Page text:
Kickstarter, the crowd-sourced project funding platform, is now officially a thing. It’s being actively parodied by comedians all over the web with videos that mock the slick, yet warm and heartfelt-approach of its best pitches.
Those jokesters can make fun all they want. Many Kickstarter projects are laughing all the way to the bank.
Every day I read a story about a new Kickstarter project zooming to $1 million dollars. The Double Fine Adventure Kickstarter gobbled up $3.3 million and Pebble sought $100,000 and got $7 million. This is serious funding. It’s angel-investor level stuff, but without a venture capitalist in sight.
Kickstarter is, ostensibly, not about starting a business. Instead it promotes closed-loop projects. When someone has an idea — whether a movie or a new piece of technology — and cannot make it without some cash, it’s a way to solicit enough cash to make the idea a reality. If the project doesn’t reach its funding goal, it doesn’t get any money.
On the other hand, what’s the purpose of building one of these projects if you’re not intending to start a business? Surely Pebble wants to finish building the E Ink-based smart watch, sell a billion of them and use the profits to make more.
I have never funded a Kickstarter project. No, I’m not immune to the lure of a good pitch. I’ve watched videos for everything from the Galileo remote-controlled iOS robot to Versalette sustainable woman’s clothing and thought, “Wow, that’s cool.”
I’ve also wondered how some Kickstarter projects create such awesome videos. These pitches look like mini movies. Though, as parodies point out, they all use similar tricks: the defocus/focus, a project leader staring off into the distance, close-ups, clichés and aphorisms overlaying imagery, artsy shots of the team and where they work and a moving soundtrack. These videos make the project ideas and prototypes many times more compelling than they might be otherwise.
The more cynical side of me wonders if we aren’t all being played. I mean, who wouldn’t watch these videos and want to make these projects a reality? I wonder if venture capitalists watch the pitches and laugh. Before they back something, they get a good look — a really good look — at the people, the product/prototype/project and the market. They know so much before they decide to invest at any level. For them, it’s all about measuring risk.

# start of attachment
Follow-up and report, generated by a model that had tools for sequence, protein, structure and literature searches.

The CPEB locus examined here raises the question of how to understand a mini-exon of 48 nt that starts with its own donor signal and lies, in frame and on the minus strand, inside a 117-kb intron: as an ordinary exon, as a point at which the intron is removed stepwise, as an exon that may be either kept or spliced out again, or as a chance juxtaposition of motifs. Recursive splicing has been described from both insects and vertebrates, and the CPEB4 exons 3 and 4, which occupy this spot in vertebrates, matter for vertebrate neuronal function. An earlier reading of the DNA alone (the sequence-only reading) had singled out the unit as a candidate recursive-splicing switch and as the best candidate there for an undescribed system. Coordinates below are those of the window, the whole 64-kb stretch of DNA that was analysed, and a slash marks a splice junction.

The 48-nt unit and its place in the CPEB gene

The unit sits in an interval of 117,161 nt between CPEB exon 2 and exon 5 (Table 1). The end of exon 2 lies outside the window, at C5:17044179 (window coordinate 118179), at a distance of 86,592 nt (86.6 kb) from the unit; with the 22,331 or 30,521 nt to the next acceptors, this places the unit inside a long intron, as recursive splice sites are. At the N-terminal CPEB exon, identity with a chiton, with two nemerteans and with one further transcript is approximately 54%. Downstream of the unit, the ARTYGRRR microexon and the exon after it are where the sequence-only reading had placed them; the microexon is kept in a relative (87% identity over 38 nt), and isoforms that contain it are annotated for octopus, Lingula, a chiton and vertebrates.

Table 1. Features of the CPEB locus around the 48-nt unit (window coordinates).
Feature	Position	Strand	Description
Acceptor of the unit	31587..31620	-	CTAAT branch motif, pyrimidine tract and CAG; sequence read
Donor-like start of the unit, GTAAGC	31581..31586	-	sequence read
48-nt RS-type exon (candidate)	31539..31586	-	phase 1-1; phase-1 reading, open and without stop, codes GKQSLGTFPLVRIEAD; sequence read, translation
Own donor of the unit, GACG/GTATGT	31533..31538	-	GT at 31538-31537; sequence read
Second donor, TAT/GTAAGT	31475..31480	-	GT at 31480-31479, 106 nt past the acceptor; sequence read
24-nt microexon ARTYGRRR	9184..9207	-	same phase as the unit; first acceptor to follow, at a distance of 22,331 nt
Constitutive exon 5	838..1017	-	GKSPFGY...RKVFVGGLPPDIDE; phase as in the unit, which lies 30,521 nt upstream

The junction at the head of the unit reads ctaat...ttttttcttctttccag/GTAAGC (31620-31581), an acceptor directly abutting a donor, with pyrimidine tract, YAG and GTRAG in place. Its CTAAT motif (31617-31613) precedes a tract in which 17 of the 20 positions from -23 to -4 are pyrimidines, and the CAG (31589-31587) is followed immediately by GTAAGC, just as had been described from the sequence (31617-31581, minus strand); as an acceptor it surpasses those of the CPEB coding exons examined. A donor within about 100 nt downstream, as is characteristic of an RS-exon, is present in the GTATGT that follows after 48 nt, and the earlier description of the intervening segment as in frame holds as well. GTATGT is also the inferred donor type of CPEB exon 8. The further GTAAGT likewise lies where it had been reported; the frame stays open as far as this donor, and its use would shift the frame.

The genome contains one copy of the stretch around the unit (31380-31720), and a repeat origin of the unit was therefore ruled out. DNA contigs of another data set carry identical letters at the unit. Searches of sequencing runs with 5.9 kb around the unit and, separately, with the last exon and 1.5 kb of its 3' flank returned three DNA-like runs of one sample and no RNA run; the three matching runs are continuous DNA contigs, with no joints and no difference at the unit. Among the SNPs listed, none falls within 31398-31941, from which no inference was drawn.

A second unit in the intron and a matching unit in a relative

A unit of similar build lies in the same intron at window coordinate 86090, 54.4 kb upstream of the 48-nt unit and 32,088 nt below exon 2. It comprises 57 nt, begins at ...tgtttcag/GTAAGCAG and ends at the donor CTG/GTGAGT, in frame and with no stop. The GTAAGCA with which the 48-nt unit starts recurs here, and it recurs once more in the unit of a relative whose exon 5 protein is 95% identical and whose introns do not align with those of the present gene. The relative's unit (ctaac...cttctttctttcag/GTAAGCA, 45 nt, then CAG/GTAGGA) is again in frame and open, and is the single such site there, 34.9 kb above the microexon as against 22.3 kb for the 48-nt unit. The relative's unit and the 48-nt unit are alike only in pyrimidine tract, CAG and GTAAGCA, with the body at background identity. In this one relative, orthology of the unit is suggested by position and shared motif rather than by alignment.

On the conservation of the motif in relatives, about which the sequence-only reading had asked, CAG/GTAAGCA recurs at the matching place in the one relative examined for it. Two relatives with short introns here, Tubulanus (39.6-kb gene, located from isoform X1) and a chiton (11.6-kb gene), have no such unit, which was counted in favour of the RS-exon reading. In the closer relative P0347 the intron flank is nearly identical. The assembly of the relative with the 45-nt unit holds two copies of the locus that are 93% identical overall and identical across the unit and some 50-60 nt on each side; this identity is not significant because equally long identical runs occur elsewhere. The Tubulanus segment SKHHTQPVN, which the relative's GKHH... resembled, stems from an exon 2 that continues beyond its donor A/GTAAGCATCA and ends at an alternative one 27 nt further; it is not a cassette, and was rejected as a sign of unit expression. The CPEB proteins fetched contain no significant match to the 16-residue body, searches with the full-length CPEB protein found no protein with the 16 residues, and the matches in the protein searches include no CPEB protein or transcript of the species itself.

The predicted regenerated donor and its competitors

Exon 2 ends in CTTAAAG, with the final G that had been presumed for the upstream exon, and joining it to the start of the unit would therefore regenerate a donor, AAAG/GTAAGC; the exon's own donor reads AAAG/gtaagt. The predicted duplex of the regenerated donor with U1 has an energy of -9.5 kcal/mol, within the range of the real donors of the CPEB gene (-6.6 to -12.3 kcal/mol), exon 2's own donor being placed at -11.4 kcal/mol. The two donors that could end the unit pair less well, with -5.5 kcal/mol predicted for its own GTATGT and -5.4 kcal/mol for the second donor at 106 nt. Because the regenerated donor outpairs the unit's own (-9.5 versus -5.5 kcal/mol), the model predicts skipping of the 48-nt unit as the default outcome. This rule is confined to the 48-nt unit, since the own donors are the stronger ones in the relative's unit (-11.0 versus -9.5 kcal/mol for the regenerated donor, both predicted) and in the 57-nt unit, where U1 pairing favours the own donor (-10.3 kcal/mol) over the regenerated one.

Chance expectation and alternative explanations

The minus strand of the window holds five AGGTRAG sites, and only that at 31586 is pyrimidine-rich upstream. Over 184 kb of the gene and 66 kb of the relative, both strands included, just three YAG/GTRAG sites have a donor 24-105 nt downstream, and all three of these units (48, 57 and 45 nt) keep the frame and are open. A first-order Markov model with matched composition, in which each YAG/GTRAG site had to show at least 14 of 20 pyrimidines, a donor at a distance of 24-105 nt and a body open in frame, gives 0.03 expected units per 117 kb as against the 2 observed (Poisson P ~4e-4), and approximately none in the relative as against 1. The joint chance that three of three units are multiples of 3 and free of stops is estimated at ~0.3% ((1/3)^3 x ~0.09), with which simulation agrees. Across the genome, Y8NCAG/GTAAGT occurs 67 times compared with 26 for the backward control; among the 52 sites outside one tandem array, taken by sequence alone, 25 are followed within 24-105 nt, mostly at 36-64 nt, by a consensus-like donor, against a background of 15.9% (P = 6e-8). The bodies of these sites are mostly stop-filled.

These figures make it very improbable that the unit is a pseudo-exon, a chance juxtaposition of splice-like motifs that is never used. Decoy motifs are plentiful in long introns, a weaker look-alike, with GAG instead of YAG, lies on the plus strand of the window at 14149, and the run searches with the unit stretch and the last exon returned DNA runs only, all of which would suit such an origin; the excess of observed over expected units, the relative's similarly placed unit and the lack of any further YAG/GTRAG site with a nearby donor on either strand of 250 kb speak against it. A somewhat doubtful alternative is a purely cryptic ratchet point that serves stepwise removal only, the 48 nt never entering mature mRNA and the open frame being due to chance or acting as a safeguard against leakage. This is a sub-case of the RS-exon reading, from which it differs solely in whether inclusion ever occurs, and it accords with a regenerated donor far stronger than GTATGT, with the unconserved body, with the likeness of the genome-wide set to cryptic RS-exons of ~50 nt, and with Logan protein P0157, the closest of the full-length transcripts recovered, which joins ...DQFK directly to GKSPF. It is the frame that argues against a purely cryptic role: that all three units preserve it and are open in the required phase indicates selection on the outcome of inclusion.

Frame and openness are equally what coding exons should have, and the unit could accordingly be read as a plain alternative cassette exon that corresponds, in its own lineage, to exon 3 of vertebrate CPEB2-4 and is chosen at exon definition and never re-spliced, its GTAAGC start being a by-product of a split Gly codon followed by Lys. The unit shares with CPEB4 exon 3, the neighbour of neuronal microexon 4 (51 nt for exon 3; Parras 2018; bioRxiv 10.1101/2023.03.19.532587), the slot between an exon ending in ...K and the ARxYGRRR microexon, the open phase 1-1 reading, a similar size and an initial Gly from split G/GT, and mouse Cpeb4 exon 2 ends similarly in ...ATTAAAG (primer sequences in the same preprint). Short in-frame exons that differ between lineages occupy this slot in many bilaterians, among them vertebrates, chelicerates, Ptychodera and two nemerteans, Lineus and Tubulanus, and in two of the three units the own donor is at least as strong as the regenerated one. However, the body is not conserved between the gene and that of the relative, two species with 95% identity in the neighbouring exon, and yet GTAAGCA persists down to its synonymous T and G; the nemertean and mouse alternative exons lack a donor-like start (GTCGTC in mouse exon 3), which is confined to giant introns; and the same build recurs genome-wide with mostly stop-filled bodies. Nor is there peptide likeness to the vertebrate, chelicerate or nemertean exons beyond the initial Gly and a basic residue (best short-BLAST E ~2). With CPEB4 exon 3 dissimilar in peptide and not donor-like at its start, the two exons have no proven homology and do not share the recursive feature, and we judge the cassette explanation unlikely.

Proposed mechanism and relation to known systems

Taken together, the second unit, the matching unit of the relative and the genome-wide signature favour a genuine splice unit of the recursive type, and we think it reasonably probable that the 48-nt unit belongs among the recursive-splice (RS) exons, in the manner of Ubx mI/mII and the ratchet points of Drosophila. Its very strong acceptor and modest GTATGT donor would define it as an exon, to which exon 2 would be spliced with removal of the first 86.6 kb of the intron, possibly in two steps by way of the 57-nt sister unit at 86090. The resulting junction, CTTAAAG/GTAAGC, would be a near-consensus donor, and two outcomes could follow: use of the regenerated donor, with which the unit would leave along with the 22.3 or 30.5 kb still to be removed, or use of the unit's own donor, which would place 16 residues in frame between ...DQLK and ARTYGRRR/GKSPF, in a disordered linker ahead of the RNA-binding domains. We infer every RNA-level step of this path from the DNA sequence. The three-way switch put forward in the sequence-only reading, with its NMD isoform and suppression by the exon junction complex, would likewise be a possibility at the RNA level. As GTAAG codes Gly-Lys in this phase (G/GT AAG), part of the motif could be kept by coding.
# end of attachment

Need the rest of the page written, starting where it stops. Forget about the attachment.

Kickstarter investors get the satisfaction of knowing the project will get done and, if the project warrants it and the pledge covers the retail cost of the final project, a copy of the product. Not every project allows for that. Spencer Tunick’s Dead Sea Art Installation, for example, is pure satisfaction. He plans on filling the dead sea with naked people, and managed to surpass his goal of $60,000, by almost an additional $60,000.
The platform has its own fairly obvious charms. It’s proven effective. It’s public and, therefore, open to social sharing. And there are no VCs leaning over your shoulder, asking you tough questions about your project or trying to steer it in a, potentially, more market-friendly direction (“Hey, maybe we could just put some clothes on all those people in the Dead Sea.”).
I do wonder, though, if all of the buzz surrounding Kickstarter is now driving funds into projects that would otherwise never make it in the real world. There’s sort of an irrational exuberance around every new Kickstarter idea. Pebble is a good example. Smart watches, or watches that connect to your phone, are not a new idea. I reviewed one (WiMM One) earlier this year. Sony has one, too. But something about Pebble’s E Ink-based version captured the imagination and it zoomed well past its $1 million goal to $6.5 million.
This is not the company’s first smart watch. As the video notes, they started with one for BlackBerry (what company targets BlackBerry users first?). This is the follow-up, but they needed funding to complete it.
In other words, they didn’t make enough revenue to build and sell the Pebble. It’s also possible that a tiny company like this sees Kickstarter as a way to spread the risk. The company cannot afford to pour $100,000 into its own project, so it let fans do it (or at least the fans they expect to garner on Kickstarter with their awesome video).
Like I said, Kickstarter investors get satisfaction and, sometimes, a product. But if a product like Pebble is a failure, all they have is a really cool end-of-life gadget. Something that, as technology moves along, will be no more useful than the rock it’s named after.